Safina has been profiled on Nightline and in The New York Times; named among “100 Notable Conservationists of the 20th Century” by Audubon magazine; and featured on the Bill Moyers PBS special “Earth on Edge.” His new TV series, Saving the Ocean with Carl Safina, premiered on PBS in April 2011.

He has honorary doctorates from the State University of New York and Long Island University. Safina is founding president of Blue Ocean Institute and is adjunct professor at Stony Brook University.

Safina is a MacArthur Fellow, a Guggenheim Fellow, a Pew Fellow in Marine conservation, an Utne Reader visionary, and a recipient of Chicago’s Brookfield Zoo’s Rabb Medal, among other honors.[1]

Education and awards[edit]

Degrees

Honorary Degrees

Literary Awards

  • Orion Book Award for The View from Lazy Point (2012).
  • National Academies Communication Award "Year's Best Book for Communicating Science," for Eye of the Albatross (2003)
  • John Burroughs Writer’s Medal. (2003)
  • Herman Melville Writer's Award. New York State Marine Educators' Association. (2001)
  • Lannan Literary Award for Nonfiction. (2000)
  • New York Times Notable Book for "Song for the Blue Ocean" (1998).
  • Los Angeles Times Best Nonfiction Selection Award for "Song for the Blue Ocean" (1998).
  • Library Journal Best Science Book Selection Award for "Song for the Blue Ocean" (1998).

Other Honors and Distinctions

  • Utne Reader visionary. (2011)
  • Bianimale Fellowship. (2006)
  • George B. Rabb Medal. Chicago Zoological Society. (2006)
  • Senior Fellow Appointment. World Wildlife Fund. (2003–2006)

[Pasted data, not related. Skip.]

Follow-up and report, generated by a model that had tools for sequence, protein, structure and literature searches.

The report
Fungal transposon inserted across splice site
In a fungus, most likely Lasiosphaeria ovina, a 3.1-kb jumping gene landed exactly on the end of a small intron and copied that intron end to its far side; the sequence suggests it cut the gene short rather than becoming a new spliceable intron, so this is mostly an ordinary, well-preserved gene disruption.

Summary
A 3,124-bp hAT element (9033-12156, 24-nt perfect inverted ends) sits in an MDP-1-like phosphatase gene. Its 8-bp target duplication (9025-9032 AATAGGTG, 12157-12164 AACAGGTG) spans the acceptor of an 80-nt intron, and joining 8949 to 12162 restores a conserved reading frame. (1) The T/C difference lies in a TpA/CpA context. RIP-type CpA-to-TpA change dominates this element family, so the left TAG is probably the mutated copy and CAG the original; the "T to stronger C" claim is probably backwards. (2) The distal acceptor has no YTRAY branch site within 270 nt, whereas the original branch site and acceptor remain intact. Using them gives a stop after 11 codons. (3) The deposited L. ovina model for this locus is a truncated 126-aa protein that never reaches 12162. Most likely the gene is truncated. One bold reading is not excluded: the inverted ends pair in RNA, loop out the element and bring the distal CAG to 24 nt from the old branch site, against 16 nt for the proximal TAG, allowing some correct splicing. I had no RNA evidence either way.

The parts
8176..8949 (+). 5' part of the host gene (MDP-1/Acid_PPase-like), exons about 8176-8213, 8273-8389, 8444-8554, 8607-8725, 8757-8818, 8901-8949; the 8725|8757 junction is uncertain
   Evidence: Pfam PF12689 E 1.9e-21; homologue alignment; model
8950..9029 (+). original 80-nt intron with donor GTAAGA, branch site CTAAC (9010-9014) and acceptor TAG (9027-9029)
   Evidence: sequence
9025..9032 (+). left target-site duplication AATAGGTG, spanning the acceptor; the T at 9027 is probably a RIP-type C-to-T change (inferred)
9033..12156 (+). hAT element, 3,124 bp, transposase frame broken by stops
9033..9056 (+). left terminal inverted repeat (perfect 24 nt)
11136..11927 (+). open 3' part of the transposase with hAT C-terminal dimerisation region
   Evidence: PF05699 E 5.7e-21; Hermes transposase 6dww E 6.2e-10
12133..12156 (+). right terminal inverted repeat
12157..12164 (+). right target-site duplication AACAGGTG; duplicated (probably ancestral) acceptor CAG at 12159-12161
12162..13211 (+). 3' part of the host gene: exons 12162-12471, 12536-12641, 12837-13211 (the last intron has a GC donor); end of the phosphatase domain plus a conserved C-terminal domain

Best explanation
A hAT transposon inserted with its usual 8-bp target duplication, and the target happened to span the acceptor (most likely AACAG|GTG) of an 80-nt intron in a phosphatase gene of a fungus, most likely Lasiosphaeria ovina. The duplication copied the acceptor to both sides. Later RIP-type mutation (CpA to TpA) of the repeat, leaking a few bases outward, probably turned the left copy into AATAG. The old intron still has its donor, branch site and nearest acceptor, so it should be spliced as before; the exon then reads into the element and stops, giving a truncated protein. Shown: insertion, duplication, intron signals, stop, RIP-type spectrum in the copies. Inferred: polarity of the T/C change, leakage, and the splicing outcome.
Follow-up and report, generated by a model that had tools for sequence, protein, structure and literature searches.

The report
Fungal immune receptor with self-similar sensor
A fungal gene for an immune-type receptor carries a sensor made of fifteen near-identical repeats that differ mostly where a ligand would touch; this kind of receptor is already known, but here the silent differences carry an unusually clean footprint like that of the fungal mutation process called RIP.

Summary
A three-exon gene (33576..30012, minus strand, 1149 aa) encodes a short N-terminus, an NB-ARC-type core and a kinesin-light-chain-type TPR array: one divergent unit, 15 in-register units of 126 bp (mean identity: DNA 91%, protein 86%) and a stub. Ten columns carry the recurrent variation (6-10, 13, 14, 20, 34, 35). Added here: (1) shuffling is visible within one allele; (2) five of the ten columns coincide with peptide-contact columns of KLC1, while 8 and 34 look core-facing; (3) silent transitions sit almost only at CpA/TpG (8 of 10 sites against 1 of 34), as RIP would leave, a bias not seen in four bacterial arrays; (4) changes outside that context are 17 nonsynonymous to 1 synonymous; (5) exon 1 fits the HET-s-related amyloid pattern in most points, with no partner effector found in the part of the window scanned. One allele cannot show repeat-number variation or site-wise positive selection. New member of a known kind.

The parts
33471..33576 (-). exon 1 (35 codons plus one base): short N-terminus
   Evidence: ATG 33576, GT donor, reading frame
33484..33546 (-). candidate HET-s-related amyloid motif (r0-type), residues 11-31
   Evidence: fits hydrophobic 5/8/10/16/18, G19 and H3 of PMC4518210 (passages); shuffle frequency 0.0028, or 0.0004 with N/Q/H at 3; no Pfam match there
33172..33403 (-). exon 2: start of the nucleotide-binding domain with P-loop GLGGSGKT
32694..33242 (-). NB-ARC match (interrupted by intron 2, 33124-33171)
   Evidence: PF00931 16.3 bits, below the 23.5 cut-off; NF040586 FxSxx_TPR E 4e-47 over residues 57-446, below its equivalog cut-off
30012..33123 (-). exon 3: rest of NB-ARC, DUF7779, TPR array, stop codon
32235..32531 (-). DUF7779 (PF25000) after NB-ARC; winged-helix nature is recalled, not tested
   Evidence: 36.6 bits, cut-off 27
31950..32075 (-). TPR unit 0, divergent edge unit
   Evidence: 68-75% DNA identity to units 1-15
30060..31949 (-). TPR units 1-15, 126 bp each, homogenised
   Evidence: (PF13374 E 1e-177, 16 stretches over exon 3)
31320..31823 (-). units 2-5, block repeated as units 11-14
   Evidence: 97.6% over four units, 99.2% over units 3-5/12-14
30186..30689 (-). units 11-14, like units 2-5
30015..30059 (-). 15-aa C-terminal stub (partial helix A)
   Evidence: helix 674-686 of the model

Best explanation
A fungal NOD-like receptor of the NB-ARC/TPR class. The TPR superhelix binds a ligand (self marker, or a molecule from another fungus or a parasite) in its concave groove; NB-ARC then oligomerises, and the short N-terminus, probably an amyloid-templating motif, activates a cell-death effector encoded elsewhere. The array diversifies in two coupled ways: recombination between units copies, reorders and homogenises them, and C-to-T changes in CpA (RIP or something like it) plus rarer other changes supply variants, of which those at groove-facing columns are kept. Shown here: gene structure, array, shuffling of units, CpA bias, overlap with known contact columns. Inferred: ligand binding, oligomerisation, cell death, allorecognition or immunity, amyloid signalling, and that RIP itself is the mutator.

• George H. Cook Distinguished Alumnus Award. Rutgers University’s Ecology and Evolution Program. (2003)
  • Conservation Award. International Game Fish Association. (2001)
  • "Genius" Fellowship. John D. and Catherine T. MacArthur Foundation. (2001)
  • Carl R. Sullivan Conservation Award. American Fisheries Society. (1999)
  • Distinguished Alumnus Award. American Association of State Colleges and Universities. (1999)
  • Named among the 100 Notable Conservationists of the 20th Century. Audubon Magazine. (1998)
  • Elected a Resident Fellow of The Explorer's Club. (1998)
  • Conservation Award. South Fork Naturalists Society. (1998)
  • Conservationist of the Year. SoundWatch. (1998)
  • Alumni Honor Roll. State University of New York. (1996)
  • Pew Scholars Award in Conservation and the Environment. Pew Charitable Trusts. (1991)
  • Elected Member, American Ornithologists Union. (1991)

Boards

  • Blue Ocean Institute
  • Duke University's Center for Marine Conservation Steering Committee
  • Harvard Medical School's Center for Health and the Global Environment Advisory Board
  • South Fork Natural History Society Board
  • World Wildlife Fund's Marine Leadership Committee

Safina has been a Senior Fellow with the World Wildlife Fund and is a MacArthur Fellow.

He has been a visiting fellow at Yale University and is an adjunct full professor at the School of Marine and Atmospheric Sciences, Stony Brook University.

Bibliography[edit]

References[edit]

  1. ^ "25 Visionaries Who Are Changing Your World 2011". Utne Reader, November–December 2011. Retrieved 19 October 2011. 

External links[edit]